gave the testimony "which the indictment
charges he did give"; and, by being told E. M. Chadwick, in pro. per. Attorney Gen
in direct connection with this that they must eral U. S. Webb, for the People.
find "that such testimony was false," they HARRISON, P. J. Upon an indictment were expressly limited to the testimony laid charging the appellant with the crime of per
in the indictment. The clause "whatever jury, in having willfully and falsely testi- testimony he did give in that action," which fied at a trial of himself under the charge of is relied upon by the appellant, is by its conforgery that two certain telegrams, purport
nective "that is" placed in direct apposition ing to have been signed by Marie Schneider,
with the clause "that such testimony was which were introduced in evidence at that
false," and is to be construed as an explanatrial, were written by him on or about the 1st tion thereof, and with the same limitation. day of March, 1901, in a cell or room of the The further direction to determine whether police station in the city of Ogden, in the "any of such testimony" which he gave in state of Utah, after he had been arrested at the prior action was false limited their conthe said city of Ogden, and while he was de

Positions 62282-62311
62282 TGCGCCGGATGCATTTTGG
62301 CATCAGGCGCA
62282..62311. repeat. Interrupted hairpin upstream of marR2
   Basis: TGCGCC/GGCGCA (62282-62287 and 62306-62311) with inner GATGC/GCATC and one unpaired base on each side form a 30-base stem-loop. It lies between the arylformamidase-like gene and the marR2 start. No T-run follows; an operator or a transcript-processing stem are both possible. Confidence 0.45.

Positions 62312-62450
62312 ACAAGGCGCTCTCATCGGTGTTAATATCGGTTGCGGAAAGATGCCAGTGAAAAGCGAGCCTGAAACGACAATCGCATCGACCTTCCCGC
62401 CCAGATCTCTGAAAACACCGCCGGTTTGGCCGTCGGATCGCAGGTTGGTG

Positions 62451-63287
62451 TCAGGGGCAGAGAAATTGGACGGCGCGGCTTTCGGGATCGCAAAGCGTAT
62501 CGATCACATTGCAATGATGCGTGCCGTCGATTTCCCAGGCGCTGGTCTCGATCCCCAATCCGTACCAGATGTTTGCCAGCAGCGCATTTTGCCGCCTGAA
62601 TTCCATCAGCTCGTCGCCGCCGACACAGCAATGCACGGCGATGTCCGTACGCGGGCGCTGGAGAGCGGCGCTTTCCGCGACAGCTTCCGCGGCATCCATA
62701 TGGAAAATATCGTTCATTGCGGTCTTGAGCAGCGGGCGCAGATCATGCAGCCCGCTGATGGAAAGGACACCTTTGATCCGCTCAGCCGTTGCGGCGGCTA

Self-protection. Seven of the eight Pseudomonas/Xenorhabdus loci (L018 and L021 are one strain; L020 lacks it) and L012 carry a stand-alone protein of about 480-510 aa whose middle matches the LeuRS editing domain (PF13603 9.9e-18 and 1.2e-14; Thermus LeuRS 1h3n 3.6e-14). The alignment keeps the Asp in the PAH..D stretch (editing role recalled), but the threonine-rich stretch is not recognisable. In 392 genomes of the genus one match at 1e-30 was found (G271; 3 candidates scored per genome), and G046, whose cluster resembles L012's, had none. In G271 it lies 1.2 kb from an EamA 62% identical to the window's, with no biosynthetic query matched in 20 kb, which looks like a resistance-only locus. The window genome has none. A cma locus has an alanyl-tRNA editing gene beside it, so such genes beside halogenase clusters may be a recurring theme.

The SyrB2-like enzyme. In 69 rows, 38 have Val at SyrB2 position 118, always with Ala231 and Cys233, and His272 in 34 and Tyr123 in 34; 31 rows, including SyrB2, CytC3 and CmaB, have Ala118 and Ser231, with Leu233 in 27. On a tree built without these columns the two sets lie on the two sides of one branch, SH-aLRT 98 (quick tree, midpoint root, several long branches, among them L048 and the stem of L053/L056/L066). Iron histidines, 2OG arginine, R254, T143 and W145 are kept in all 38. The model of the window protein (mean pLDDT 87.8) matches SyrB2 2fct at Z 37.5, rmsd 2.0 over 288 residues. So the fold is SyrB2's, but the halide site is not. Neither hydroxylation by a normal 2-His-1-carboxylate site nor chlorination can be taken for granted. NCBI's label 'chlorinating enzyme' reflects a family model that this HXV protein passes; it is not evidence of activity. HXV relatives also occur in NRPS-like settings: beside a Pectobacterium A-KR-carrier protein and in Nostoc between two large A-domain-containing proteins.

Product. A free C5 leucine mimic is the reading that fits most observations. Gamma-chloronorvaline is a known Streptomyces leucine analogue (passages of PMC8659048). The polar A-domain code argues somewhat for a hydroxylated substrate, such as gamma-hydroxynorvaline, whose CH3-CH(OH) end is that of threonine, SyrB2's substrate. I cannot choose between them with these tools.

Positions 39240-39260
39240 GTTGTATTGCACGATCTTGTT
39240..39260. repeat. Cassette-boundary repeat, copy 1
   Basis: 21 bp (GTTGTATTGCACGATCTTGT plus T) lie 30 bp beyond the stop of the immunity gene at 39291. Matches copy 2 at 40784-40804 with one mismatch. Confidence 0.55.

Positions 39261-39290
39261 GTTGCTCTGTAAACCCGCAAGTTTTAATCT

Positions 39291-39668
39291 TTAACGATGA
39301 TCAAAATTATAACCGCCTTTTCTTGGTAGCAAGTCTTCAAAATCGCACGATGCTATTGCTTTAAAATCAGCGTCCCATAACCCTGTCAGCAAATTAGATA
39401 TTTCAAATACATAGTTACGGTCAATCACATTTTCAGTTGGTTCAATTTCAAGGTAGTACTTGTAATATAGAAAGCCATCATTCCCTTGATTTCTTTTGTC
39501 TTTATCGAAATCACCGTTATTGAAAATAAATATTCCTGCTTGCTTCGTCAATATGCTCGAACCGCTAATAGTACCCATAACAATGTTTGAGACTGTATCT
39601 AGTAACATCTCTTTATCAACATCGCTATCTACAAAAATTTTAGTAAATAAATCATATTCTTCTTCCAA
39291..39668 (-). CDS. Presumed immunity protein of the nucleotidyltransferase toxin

sideration to "such" of the testimony laid in tained and imprisoned in said (ell or room the indictment as they should find had been under said arrest, and that the said tele- given by him, and is to be read as a continuagrams were at said time and place delivered tion of, and in connection with, the prior by him to one Norine Schneider, he was tried portion of the instruction. The frequent and convicted before a jury in the superior